Even as she was running the race of her life, with the finish line of the women’s 3000m steeplechase in sight, her in fifth place and in line for a maiden place in the final of the World Athletics Championships, Parul Chaudhary admits she felt like something of an imposter.
“There were all these runners who were better than me. I didn’t turn around to see where they were but I could hear the halka (faint) tap tap sound of them splashing in the water (hazard) and I knew they were well behind me. I was thinking what was I doing in front of them? What were all these good girls doing behind me? I was wondering kya ho raha tha yeh? (what was going on?),” an incredulous Parul would later say after clocking a time of 9.24.29 in her heat.
That time was over five seconds faster than her previous personal best (9.29.51) and it helped her finish in fifth place and by virtue of that earn a spot in the final of the 3000m steeplechase event. In doing so she became only the second Indian to make the final of the World Championships after five days of competition at Budapest’s National Athletics stadium.
-’Biggest result of my life’-
On paper, the 28-year-old admits she had no reason to believe she would make the last five and on making the final, what she says is, “the biggest result of my life.” A glance at the start list of the heat in which she ran explains why.
Of the 12 runners in her heat, eight had run far faster than Parul – who had a season’s best of 9.29.51 coming into Budapest – this year.
Seven of those runners were 10 seconds quicker – a near lifetime in her event. Of those were NCAA medallists (Ceili McCabe), Diamond League competitors (Flavie Renouard), Diamond League winners (Sembo Almayew and Daisy Jepkemei), the U-20 World Champion (Faith Cherotich), the reigning Olympic champion (Peruth Chemutai) and a former World champion (Emma Coburn).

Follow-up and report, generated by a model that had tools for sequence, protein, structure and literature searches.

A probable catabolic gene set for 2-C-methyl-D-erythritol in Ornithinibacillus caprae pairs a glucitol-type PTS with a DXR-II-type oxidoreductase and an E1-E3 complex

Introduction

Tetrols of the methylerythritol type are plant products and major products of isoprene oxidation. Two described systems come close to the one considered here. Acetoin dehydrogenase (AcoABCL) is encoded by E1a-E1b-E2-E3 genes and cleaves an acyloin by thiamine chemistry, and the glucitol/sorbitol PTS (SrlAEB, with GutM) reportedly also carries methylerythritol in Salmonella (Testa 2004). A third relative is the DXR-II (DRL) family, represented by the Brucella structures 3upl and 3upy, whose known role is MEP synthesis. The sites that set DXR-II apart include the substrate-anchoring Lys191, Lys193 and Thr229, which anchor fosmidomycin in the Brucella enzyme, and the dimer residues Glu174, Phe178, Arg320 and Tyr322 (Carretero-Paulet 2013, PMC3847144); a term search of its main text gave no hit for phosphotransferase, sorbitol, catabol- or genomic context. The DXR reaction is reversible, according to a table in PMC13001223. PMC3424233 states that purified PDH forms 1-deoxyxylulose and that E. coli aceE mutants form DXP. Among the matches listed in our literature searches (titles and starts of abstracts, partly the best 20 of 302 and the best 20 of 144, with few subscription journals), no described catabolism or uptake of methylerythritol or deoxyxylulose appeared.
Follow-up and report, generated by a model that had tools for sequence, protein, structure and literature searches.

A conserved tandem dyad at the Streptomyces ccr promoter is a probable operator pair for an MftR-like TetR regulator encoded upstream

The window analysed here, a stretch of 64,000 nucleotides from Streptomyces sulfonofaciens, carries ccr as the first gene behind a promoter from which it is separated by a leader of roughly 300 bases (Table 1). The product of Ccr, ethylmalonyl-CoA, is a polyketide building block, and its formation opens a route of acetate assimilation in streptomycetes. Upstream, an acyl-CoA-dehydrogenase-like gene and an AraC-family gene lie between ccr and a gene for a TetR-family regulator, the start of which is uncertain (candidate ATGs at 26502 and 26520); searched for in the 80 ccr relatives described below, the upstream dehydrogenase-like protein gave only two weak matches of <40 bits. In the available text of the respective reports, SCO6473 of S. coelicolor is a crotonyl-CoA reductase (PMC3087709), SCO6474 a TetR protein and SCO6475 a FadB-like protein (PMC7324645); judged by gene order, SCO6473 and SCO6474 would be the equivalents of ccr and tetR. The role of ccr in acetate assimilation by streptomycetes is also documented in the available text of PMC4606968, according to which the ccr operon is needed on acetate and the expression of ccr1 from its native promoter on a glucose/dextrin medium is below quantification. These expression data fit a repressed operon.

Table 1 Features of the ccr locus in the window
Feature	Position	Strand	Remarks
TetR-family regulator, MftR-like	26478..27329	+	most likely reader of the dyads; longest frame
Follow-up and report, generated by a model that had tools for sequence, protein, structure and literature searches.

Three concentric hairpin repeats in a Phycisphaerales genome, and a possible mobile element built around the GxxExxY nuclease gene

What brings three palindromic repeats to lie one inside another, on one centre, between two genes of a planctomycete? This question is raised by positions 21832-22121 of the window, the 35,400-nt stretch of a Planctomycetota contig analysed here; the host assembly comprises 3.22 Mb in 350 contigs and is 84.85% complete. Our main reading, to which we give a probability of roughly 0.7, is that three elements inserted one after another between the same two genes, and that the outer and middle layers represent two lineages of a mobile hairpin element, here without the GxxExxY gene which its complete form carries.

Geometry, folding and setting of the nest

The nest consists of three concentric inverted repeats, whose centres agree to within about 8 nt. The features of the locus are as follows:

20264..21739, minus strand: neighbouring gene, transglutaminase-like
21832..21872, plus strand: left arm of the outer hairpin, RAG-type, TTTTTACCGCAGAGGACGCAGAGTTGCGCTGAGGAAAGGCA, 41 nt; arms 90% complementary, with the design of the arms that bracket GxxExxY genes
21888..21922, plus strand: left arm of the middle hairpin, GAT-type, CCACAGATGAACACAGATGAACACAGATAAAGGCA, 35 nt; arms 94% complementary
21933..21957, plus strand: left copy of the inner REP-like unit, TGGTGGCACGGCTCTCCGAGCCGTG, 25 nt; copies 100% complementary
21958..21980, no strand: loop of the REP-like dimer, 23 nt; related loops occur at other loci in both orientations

And while she wouldn’t have known it on the starting line, Parul would finish ahead of Jepkemei, McCabe, Renouard and perhaps most surprisingly Coburn.
For unlike those big names, Parul’s pedigree was a little more modest. Having started the sport on the recommendation of her father – a farmer in the village of Iklauta near Meerut in western UP – Parul’s rise was steady but not meteoric. Although she became part of the national camp in 2016, it took her another three years to win her first national title in the 5000m, as a 24-year-old, in 2019.
In recent years, she has benefited significantly from the coaching program set by American coach Nick Simmons over the last couple of years – she set a new National record in the 5000m earlier this year and won gold in the 3000m steeplechase at the Asian Championships this year. But that result had to be seen in the context of the relatively weak standard of the event in Asia and the fact that the continent’s strongest runner - two-time Worlds fourth place finisher Winifred Mutile - was missing in Thailand.
-The Budapest strategy-
There wasn’t anything weak about the standard of the field in Budapest.
Parul was brutally realistic about her prospects. “I genuinely didn’t think I would go to the final. There were maybe just three runners who were at my level. Otherwise, everyone was better than me,” she says.
Her goal was simple. Make the most of the opportunity of running alongside a much stronger field. “I was looking to qualify for the Olympics. The Olympic qualification standard was 9.23.00. I just wanted to run faster than that,” she says.
Not expecting to beat the rest of the field took pressure off her. It kept her goal for the race – a personal best and Olympic qualification – tightly focused. And the fact that she had a healthy respect for her opponents meant she didn’t take the race lightly.
-Sable’s advice comes handy-
That last factor was critical, says Avinash Sable who not only watched the race but had been advising Parul on strategy before she came out. “Dar hona itni buri baat nahi hai, (It’s not such a bad thing to be scared)” Sable will say later.